Pseudo-continuous arterial spin labeling (pCASL) is a completely non-invasive method of cerebral perfusion measurement. However, cerebral blood flow (CBF) quantification is hampered by arterial transit artifacts characterized by bright vascular signals surrounded by decreased signals in tissue regions, which commonly appear in patients with reduced cerebral perfusion pressure. The spatial coefficient of variation (CoV) of pCASL CBF images has been proposed as an alternative region-of-interest (ROI)-based hemodynamic measure to predict prolonged arterial transit time (ATT). This retrospective study investigates the utility of spatial CoV by comparison with 15 O positron emission tomography (PET). For patients with cerebrovascular steno-occlusive disease (n = 17), spatial CoV was positively correlated with ATT independently measured by pulsed arterial spin labeling (r = 0.597, p < 0.001), confirming its role as an ATT-like hemodynamic measure. Comparisons with 15 O PET demonstrated that spatial CoV was positively correlated with vascular mean transit time (r = 0.587, p < 0.001) and negatively correlated with both resting CBF (r = −0.541, p = 0.001) and CBF response to hypercapnia (r = −0.373, p = 0.030). ROI-based spatial CoV calculated from single time-point pCASL can potentially detect subtle perfusion abnormalities in clinical settings.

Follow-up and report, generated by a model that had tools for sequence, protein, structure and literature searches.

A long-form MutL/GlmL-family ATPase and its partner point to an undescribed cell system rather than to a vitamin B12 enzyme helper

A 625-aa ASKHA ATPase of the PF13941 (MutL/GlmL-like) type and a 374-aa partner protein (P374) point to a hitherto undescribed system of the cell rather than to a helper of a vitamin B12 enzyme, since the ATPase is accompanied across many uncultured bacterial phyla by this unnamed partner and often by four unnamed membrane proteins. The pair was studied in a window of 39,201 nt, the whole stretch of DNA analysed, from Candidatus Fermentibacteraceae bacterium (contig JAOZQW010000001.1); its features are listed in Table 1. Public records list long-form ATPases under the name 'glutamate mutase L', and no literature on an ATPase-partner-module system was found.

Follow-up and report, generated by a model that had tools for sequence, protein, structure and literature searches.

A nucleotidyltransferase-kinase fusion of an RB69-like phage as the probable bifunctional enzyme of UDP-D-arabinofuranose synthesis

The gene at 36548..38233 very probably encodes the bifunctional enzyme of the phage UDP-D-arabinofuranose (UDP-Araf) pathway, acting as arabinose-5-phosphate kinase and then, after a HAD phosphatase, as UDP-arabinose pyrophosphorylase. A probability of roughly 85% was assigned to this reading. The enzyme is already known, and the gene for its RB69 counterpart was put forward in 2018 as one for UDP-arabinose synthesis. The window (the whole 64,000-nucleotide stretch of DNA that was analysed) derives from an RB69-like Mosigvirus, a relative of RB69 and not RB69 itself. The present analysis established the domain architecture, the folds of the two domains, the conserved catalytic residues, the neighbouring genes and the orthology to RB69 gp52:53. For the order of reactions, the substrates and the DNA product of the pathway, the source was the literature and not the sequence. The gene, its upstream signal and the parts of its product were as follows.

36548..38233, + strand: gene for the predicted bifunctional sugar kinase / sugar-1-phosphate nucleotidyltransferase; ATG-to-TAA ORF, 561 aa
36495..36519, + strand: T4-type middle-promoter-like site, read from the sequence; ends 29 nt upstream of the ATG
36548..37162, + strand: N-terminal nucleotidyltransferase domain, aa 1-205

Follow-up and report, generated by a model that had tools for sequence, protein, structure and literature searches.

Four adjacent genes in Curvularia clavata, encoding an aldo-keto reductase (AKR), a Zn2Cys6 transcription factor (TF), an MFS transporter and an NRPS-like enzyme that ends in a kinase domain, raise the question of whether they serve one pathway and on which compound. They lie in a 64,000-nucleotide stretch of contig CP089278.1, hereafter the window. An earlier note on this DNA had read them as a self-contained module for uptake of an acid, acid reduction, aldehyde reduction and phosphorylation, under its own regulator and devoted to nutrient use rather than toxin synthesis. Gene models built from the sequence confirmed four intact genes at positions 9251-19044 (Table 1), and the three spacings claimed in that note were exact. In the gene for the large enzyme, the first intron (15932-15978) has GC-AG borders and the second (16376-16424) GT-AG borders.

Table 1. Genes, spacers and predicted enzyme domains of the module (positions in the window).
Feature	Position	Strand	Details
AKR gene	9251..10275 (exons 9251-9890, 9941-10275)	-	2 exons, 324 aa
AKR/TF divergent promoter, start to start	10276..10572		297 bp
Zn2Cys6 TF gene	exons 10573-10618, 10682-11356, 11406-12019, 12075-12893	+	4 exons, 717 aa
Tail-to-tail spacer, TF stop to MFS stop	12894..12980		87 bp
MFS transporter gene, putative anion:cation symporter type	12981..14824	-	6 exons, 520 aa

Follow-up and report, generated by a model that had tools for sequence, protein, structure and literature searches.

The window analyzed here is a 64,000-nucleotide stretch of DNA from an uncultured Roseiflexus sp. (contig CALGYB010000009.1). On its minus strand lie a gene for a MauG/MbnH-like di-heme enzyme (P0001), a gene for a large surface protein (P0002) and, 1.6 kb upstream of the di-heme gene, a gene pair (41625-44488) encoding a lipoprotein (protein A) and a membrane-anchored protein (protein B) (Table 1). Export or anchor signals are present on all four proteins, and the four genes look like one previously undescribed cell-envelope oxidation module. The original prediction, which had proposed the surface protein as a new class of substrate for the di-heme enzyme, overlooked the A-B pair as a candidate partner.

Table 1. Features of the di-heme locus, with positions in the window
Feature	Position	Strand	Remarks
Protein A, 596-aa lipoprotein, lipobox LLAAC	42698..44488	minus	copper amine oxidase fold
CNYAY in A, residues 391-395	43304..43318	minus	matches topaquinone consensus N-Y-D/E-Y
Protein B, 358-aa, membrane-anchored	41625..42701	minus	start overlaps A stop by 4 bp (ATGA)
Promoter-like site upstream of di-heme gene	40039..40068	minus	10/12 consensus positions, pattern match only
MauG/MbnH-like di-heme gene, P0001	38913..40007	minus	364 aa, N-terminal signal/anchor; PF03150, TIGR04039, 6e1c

ASJC Scopus subject areas
- Clinical Neurology
- Cardiology and Cardiovascular Medicine